The photograph at the top of this page shows the Mausoleum. To the right of it is located the reconstructed crematorium building. Standing on this spot, you have a panoramic view of the camp below you.
Behind the Mausoleum are new modern apartment houses, their balconies painted red, yellow and blue, resembling buildings made with children’s colorful building blocks.
As you are standing in front of the Mausoleum facing the camp area, to the left there are more apartment buildings in the city of Lublin. To the right, as you face the camp area, is Lublin’s main Catholic cemetery which borders the camp; this cemetery was being used when the concentration camp was in operation. There are noisy black crows flying overhead, which the tour guide says are always present here, as if to give further warning to visitors.
According to the camp guidebook, Heinrich Himmler ordered the liquidation of the Jews in the Lublin district after the insurrection on October 14, 1943 at Sobibor, one of the Operation Reinhard extermination camps on the Polish-Russian border, in which 300 Jews, led by a Jewish Russian Prisoner of War, escaped into the nearby woods.
At this time, the three largest concentrations of Jews in Eastern Poland were at the camp at Majdanek and at the labor camp at Poniatowa, a tiny Polish village where 18,000 people were held, and at the Polish village of Trawniki where 10,000 Jews were imprisoned in a labor camp.
According to the Majdanek guidebook, “In the autumn of 1943, the Nazi authorities were alarmed by the uprisings in the Warsaw and Bialystok ghettos, by the activity of the resistance movement in the camps and by the rebellions in the death camps at Sobibor and Treblinka.” Their greatest fear was that the Jewish prisoners at Lublin would start a rebellion that would result in their escape to the forests where they would join the Polish partisans who were fighting the German Army.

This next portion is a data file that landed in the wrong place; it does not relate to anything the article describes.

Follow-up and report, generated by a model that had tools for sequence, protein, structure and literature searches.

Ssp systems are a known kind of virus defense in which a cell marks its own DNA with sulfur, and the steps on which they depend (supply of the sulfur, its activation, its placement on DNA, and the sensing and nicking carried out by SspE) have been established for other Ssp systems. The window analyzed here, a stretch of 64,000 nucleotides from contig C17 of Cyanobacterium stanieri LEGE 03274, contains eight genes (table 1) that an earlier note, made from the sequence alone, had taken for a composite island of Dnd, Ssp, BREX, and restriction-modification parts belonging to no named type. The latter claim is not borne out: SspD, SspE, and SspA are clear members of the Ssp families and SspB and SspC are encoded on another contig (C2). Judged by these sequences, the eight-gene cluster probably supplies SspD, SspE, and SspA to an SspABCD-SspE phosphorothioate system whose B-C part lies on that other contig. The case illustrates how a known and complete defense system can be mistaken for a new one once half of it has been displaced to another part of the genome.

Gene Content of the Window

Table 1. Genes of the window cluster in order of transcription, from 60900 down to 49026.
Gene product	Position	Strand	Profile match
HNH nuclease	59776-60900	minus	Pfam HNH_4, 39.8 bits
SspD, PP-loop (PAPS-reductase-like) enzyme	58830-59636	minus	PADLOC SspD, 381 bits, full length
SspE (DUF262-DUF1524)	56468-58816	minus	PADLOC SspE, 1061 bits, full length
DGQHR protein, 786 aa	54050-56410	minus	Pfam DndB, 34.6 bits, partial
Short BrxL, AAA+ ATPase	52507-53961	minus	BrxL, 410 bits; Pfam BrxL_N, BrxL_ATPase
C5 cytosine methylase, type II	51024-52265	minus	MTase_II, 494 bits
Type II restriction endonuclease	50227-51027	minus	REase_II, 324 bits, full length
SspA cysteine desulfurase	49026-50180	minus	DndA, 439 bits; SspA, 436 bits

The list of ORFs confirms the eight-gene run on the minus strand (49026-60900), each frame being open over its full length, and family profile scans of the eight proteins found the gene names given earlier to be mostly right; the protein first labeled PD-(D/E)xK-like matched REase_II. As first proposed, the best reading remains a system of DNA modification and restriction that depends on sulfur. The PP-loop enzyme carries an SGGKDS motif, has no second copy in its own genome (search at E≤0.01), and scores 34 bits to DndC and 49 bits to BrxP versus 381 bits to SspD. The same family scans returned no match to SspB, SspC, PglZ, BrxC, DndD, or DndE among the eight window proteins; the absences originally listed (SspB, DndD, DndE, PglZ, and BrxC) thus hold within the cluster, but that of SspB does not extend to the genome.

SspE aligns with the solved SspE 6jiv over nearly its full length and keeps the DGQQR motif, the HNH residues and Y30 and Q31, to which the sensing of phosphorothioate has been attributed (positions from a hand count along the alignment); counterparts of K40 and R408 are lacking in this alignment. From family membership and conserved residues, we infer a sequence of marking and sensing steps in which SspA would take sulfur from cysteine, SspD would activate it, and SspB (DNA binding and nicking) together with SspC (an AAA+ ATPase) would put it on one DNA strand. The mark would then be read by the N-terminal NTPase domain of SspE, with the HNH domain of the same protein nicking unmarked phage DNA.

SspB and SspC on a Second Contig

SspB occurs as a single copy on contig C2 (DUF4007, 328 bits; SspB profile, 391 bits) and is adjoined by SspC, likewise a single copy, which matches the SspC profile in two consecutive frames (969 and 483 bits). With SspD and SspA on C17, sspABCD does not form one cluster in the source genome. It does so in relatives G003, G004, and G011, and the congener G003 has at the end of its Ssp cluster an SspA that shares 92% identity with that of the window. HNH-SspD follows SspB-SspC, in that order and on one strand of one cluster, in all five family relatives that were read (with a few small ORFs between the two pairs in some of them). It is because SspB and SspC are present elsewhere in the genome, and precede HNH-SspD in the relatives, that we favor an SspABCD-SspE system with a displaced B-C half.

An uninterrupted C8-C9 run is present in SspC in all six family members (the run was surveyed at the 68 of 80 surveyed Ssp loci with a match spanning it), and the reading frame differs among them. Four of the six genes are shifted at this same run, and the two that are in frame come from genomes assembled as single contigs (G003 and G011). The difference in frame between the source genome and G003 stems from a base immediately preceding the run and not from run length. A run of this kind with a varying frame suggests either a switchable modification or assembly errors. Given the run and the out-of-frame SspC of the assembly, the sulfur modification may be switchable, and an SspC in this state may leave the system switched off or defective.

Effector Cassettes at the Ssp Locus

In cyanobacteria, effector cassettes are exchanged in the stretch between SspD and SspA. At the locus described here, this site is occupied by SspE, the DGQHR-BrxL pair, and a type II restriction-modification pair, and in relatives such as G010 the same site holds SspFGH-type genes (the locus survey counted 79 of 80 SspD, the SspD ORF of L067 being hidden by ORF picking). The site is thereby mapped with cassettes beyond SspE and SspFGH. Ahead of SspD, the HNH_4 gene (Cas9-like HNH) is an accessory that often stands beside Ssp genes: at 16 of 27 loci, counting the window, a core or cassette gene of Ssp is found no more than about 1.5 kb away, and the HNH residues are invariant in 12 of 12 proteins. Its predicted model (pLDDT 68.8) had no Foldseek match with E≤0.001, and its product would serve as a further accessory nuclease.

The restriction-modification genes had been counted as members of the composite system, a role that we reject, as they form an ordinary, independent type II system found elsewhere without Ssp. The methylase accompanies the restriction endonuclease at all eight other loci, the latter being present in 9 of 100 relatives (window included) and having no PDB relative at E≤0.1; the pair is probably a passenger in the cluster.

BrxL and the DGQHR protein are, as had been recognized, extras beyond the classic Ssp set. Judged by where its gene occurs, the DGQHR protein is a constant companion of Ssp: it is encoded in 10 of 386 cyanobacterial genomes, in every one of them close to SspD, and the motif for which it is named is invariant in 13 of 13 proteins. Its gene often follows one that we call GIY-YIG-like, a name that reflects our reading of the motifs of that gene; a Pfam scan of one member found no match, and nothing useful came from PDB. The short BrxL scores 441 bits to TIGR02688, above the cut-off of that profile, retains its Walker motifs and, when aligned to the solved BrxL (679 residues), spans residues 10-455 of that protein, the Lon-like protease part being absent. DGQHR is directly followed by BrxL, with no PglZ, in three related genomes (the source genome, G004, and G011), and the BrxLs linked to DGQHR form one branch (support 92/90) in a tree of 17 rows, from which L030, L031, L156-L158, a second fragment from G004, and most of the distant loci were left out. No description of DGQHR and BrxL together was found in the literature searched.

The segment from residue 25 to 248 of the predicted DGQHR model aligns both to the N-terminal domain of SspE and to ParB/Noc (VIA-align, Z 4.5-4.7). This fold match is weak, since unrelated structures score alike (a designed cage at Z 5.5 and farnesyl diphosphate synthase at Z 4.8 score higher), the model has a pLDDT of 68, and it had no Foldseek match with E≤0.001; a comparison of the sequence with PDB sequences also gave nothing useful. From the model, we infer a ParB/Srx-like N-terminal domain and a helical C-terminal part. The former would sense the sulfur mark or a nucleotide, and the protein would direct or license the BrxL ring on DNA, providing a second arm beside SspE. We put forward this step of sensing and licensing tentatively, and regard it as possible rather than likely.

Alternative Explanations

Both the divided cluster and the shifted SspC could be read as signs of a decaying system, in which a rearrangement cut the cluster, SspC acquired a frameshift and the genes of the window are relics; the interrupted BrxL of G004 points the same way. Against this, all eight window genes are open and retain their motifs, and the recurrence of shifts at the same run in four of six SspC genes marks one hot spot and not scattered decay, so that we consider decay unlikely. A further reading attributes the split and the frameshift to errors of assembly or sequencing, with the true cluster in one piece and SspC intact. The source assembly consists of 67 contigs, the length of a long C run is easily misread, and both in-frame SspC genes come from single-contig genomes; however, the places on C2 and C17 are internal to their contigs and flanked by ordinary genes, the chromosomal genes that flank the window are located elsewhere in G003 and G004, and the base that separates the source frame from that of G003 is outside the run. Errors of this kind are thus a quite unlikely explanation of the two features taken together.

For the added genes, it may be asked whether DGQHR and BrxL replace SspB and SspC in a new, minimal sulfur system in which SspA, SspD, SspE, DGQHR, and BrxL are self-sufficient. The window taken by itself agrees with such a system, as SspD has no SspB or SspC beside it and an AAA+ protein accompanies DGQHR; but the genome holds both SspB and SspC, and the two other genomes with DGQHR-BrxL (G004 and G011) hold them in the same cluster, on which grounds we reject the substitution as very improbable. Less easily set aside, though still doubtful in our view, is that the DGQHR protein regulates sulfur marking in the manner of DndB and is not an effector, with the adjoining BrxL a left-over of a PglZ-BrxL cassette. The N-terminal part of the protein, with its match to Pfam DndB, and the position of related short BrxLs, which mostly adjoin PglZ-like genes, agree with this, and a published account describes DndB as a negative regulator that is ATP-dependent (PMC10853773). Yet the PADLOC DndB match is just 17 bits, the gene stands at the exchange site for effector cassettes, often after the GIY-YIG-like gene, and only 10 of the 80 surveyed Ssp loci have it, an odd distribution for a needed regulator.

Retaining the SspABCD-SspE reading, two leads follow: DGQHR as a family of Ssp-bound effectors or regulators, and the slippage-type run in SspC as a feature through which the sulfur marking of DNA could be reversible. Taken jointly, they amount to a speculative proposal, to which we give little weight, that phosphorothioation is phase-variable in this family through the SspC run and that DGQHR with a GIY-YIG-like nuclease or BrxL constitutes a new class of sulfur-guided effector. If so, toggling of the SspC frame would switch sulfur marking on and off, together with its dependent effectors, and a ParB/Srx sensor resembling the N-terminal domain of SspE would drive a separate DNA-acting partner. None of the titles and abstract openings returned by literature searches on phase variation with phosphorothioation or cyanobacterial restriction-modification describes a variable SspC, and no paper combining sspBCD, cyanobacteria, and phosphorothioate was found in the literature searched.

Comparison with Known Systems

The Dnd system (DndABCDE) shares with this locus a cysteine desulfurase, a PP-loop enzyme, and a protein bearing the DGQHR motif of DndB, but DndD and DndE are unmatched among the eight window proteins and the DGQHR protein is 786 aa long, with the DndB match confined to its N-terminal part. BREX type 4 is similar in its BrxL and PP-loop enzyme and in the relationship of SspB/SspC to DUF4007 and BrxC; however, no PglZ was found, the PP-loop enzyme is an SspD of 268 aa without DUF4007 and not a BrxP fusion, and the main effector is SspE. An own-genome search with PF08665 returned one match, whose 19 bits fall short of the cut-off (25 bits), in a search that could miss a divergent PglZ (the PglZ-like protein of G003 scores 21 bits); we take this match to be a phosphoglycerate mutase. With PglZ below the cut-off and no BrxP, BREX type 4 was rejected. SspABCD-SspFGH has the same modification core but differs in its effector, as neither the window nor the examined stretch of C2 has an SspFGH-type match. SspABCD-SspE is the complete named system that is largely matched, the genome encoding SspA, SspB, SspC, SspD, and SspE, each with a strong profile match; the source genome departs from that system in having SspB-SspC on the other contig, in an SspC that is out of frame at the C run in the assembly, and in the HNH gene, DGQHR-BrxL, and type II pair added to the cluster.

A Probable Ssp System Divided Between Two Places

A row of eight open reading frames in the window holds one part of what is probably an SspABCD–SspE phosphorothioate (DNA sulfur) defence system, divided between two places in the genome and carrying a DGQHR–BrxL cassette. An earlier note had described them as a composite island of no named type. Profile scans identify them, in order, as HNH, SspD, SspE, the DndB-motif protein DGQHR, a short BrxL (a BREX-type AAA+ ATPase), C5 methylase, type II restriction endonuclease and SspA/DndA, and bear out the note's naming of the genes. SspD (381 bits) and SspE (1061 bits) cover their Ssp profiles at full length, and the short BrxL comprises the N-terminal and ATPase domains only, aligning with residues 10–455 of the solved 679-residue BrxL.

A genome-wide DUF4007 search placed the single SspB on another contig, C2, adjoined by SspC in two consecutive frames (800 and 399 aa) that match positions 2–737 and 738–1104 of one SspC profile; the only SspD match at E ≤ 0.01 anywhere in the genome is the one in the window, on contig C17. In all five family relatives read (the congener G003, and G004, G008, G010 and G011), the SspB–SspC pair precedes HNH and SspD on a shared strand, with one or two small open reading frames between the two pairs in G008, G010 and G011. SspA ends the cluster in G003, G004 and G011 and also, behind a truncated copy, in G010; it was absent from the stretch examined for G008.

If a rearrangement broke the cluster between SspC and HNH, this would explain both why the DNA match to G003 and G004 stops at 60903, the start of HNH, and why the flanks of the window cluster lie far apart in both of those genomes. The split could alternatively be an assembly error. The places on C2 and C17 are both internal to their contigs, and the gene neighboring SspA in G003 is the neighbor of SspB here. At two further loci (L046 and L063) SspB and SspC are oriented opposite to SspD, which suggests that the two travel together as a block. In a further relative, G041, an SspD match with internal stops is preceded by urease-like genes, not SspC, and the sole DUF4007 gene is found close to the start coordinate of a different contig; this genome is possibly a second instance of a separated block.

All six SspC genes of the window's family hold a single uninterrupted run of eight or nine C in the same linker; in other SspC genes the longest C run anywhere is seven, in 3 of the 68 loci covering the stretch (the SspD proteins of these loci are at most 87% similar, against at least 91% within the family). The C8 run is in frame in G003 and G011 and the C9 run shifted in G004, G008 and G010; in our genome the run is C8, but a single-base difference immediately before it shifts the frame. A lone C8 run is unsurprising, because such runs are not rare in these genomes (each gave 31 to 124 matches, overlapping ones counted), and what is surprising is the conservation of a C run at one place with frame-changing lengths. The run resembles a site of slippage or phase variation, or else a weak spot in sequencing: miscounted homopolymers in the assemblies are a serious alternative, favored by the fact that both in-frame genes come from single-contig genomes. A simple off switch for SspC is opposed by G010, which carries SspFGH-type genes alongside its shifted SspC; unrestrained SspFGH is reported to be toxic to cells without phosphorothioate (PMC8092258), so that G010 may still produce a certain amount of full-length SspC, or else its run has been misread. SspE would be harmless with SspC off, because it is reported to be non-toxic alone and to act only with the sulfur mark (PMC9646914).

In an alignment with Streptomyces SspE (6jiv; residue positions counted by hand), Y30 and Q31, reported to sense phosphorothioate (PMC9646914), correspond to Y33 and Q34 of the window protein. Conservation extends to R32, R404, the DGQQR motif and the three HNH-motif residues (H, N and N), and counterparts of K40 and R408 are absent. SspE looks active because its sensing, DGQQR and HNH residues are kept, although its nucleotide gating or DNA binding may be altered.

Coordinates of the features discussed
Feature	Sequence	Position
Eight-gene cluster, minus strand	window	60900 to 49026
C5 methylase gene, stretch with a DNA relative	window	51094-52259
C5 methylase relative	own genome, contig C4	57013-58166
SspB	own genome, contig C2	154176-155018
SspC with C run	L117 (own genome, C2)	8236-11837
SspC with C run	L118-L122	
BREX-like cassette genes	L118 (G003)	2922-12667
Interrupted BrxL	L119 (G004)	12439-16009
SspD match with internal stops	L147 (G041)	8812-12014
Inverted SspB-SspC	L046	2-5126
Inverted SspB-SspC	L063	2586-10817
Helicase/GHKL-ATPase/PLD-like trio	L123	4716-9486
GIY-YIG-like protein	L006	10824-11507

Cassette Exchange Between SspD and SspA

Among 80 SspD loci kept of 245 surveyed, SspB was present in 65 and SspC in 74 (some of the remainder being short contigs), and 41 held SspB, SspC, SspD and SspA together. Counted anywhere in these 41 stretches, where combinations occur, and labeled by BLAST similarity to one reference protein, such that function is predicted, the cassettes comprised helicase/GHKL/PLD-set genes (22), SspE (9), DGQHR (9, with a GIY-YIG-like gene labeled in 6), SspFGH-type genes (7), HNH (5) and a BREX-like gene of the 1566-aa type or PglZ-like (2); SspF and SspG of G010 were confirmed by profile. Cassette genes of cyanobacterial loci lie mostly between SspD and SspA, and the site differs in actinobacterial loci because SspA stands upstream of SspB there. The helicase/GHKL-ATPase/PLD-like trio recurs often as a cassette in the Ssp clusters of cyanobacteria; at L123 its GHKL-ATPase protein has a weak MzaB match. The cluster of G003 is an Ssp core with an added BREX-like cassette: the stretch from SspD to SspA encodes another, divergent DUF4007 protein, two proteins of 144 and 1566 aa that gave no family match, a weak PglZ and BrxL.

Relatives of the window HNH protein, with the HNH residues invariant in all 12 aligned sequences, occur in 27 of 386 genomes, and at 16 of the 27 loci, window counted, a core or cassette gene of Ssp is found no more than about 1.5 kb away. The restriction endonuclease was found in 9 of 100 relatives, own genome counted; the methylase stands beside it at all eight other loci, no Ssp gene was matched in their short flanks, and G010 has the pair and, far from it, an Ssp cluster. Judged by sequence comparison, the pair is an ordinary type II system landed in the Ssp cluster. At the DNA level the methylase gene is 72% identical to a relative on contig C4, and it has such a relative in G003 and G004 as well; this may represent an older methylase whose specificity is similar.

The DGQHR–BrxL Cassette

The Nazis also feared that their plans to exterminate the Jews were being thwarted by the cooperation of the camp resistance movement at Majdanek with the Polish underground organizations fighting as partisans outside the camp.
The Memorial Site guidebook devotes a whole section to the activities of the camp resistance movement, which included activists from the Polish Home Army, and the main political parties: the Polish Socialist Party, the Peasant Party, the National Party, and the Polish Worker’s Party.
Along with the Polish civilian partisans and the Jewish partisans hiding in the forests, there were also escaped Russian Prisoners of War, who would sometimes shoot the Jewish partisans.
Although Poland had been conquered, within a month after the country was invaded, by the joint effort of the Germans and the Russians, guerrilla warfare continued in Poland until the Germans finally surrendered to the Allies in May 1945.
According to a book entitled The forgotten Holocaust: the Poles under German Occupation, written by Richard Lucas, the Polish resistance fighters were responsible for 6,930 damaged train engines, 732 derailed trains, 979 destroyed train cars, 38 bridges blown up, 68 aircraft destroyed, 15 factories burned down, 4,623 military vehicles destroyed, 25,125 acts of sabotage and 5,733 attacks on German troops.
The bodies of the victims of the massacre at Majdanek were burned near the ditches on pyres formed from old truck chassis, and the ashes were thrown onto the compost pile behind the clothing warehouse barracks, which now hold the tourist exhibits. It is these ashes of the massacre victims which have now been given a place of honor in the Mausoleum.